Monday, April 16, 2012

Natural Disasters and Crowdsourcing: Haiti

Natural disasters such as earthquakes and tsunamis occur all over the world, altering the physical landscape and often severely disrupting people’s daily lives. Recently researchers’ attention has focused on using crowds of volunteers to help map the infrastructure and devastation caused by natural disasters, such as those in Haiti and Pakistan. For example, in the movie below shows the response to the earthquake by the OpenStreetMap community within 12 hours of the earthquake. The white flashes indicate edits to the map (often by tracing satellite/aerial photography).




While this data is extremely useful, as it is allows us to assess damage and thus aid the distribution of relief, but it tells us little about how the people in such areas will react to the devastation, the supply of food, or the reconstruction. To address this, we are exploring how agent-based modeling can be used to explore peoples reactions. To do this we have created a prototype spatially explicit agent-based model, created using crowdsourced geographic information and other sources of publicly available data, which can be used to study the aftermath of a catastrophic event. The specific case modeled here is the Haiti earthquake of January 2010. Crowdsourced data is used to build the initial populations of people affected by the event, to construct their environment, and to set their needs based on the damage to buildings.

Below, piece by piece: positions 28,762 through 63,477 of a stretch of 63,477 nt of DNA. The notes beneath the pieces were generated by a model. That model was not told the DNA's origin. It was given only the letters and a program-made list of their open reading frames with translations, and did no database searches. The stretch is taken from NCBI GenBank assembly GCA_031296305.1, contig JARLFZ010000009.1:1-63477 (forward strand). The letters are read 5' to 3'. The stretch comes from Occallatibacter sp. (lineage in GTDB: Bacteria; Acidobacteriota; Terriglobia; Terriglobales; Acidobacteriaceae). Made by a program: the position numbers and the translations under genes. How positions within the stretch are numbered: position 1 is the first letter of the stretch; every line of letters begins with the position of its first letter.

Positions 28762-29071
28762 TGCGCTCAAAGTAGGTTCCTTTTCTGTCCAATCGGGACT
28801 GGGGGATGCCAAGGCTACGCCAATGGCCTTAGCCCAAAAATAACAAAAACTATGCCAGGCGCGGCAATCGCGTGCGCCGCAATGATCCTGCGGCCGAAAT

The idea behind the model is to explore how people react to the distribution of aid, as well as how rumors propagating through the population and crowding around aid distribution points might lead to food riots and similar social phenomena. Such a model could potentially provide a link between socio-cultural information of the people affected and relevant humanitarian relief organizations.




The animation above shows one simulation run where there is the spread of  information and agent movement (red dots) around one center (blue dot). While the chart below shows how over time the density of agents around the food station increases over time.

The idea behind such a model is one can take crowdsourced information and fuse it into an agent-based model and see how people will react to the distribution of food centers. For example, the movie below shows how agents find out about four (hypothetical) different food centers and decide whether or not to go to them in a 6 by 8km area of Port-au-Prince.



Spread of information and agent movement (red dots) in a 6 by 8km area of Port-au-Prince.

More details about this model to come......

2 comments:

tim kochanski said...

Very interesting project. Will you be posting updates to the project here on the blog? Ushahidi started making their crisis mapping data available and I have been tinkering with it a bit. Here is a map of txt/web reports as they were reported to a Ushahidi team after the Haiti earthquake. http://thepopularpress.blogspot.com/2012/05/t-his-is-mapping-of-ushahidi-mobile.html. In addition to an ABM approach I thought the data set looks like a rich source for textual data analysis and network analysis. It would be great to hear about what your team is finding in terms of related projects out there. Keep us posted. --Tim K.

Andrew Crooks said...

Hi Tim,

Very much so, we are just starting to explore this one model and our next task is to improve it using network analysis and other other data etc.. Thanks for the link, the Netlogo model is very interesting.

Andrew